And the Mets beat the Nats, 6-1. To make matters worse still, in the day's one 30-teams-15-in-each-League-setup-forced Interleague game, the Boston Red Sox beat the Philadelphia Phillies 8-0, in Philadelphia.
The media had a field day. and the Flushing Heathen treated the day's events like porn.
Well, you know what Phillies fan Benjamin Franklin said: There are 3 things in life that are certain: Death, taxes, and Met fans believing too much in their team in April. Last night, after a day off for both New York teams, the Nats brought the Mets back down to Earth, 2-1. And the Phils beat the BoSox, 4-2.
The Yankees sent Michael Pineda, another injury question mark, to the hill, and he responded very well. He went 6 innings, allowing just 2 runs on 6 hits and a walk, striking out 6.
But it was 2-1 Toronto when he left. Chris Martin pitched a perfect 7th. Dellin Betances, supposedly ready to be the closer this season (I, in particular, have supposed it), was sent in by Girardi in the 8th instead of the 9th, and allowed another run. It wasn't his fault, really: A McCann throwing error was involved. This made it 3-1 Toronto, and, with the way the Yankees hit in October 2012 and all through 2013 and 2014, that looked like that. Done and dusted. 0-2, at home no less.
In the bottom of the 8th, the New York Yankees remembered that they are the New York Yankees. Aaron Loup came in to relieve for Toronto. Chris Young pinch-hit for Gregorious, and his a Texas Leaguer for a double. Jacoby Ellsbury singled him over to 3rd. Gardner was hit by a pitch, loading the bases with nobody out.
Sounds great, right? Well, we've had 2 1/2 years of "Yankee RISPfail," so optimism was still in short supply.
It was determined that Loup was injured -- yet another problem with the pitching that will prevent the Jays from being a true factor in the Playoff race. So Brett Cecil was brought in. With Carlos Beltran up, Cecil promptly threw a wild pitch. Cecil struck him out, then -- in the kind of strategy that will also help to doom the Jays -- was told to intentionally walk Mark Teixeira, who, the last couple of seasons, hasn't been able to hit sand if he fell off a camel. Bases loaded with 1 out.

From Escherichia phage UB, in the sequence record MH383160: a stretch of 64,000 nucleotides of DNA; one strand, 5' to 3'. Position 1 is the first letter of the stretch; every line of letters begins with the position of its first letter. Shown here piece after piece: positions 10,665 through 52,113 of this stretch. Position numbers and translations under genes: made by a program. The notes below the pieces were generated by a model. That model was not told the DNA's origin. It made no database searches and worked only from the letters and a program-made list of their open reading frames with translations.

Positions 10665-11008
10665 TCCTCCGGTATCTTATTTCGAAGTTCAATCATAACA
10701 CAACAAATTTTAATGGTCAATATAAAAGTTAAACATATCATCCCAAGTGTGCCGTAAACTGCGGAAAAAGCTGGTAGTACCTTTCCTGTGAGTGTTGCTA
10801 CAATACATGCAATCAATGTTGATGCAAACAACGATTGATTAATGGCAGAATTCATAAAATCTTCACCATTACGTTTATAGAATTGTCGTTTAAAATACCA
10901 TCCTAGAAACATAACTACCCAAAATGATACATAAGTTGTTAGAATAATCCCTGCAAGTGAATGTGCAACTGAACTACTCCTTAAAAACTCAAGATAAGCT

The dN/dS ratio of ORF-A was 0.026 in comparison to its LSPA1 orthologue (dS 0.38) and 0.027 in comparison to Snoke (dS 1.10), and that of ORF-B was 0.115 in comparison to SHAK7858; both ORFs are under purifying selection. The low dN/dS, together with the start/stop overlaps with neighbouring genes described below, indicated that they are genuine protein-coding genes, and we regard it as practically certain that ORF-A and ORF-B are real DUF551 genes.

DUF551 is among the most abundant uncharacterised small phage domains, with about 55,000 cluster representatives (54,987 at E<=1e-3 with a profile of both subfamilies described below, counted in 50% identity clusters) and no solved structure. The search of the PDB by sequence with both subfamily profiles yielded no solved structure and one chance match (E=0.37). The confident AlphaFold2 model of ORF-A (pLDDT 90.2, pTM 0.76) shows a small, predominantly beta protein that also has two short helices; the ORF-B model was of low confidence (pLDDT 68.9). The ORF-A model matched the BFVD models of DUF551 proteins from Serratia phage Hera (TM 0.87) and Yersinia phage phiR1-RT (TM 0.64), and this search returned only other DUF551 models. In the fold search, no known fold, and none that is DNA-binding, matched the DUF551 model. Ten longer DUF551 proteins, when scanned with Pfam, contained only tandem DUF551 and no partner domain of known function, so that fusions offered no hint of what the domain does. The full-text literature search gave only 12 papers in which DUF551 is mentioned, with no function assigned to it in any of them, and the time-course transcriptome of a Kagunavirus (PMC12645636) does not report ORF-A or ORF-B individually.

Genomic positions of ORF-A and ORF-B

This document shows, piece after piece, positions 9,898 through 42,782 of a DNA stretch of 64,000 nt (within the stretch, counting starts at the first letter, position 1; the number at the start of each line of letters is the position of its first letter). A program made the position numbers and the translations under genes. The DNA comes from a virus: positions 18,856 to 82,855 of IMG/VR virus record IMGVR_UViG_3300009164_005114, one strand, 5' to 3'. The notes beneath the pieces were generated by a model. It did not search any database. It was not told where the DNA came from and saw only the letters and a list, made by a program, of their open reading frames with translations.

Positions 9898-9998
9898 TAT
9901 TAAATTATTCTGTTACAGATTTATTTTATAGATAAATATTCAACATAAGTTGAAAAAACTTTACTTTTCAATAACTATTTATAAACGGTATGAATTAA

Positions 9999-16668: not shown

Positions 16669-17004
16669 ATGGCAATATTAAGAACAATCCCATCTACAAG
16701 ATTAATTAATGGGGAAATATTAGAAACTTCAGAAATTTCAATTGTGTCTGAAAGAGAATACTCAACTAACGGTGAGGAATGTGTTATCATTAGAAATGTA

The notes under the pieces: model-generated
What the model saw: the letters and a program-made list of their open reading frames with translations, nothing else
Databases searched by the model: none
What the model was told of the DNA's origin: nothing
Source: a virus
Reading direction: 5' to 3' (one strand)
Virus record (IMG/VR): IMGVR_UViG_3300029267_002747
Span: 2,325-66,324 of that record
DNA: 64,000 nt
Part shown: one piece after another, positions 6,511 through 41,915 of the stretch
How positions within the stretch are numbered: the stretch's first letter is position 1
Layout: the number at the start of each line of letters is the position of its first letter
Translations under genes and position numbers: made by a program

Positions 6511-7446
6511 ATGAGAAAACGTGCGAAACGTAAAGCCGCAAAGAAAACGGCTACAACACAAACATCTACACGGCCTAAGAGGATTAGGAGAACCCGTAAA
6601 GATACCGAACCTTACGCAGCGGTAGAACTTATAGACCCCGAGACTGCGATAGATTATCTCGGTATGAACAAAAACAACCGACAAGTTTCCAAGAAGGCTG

Cecil hit McCann with a pitch, forcing in a run. And Headley hit a line shot up the middle that Cecil could only deflect into left field, scoring Gardner.
That proved to be the winning run. After so many years of seeing horrible LOOGies -- Lefty One Out Guys -- in Pinstripes, Andrew Miller closed the Jays out in the 9th, with what must be the 1st lefthanded save for the Yankees since... hey, if any of you know, let me know, huh? Because I'm pretty sure we didn't get any from Boone Bleeping Logan.
Yankees 4, Blue Jays 3. WP: Betances (1-0). SV: Miller (1). LP: Loup (0-1).
The series concludes tonight at The Stadium. CC makes his 2015 debut, while Daniel Norris starts for the Jays.
In another note last night: Adrian Gonzalez hit 3 home runs for the Los Angeles Dodgers last night, giving him 5 in 2 games. And, playing for the Whatever They're Calling Themselves This Season Angels of Anaheim, Albert Pujols hit the 521st home run of his career, tying him with 3 Hall-of-Famers: Ted Williams, Willie McCovey and Frank Thomas. When Ted closed his career by hitting Number 521, it made him 3rd all-time. When I was a kid, it was enough for 8th. Now, the 3 of them are 18th.
And broadcasting legend Lon Simmons has died. I'll have a tribute post for him tonight.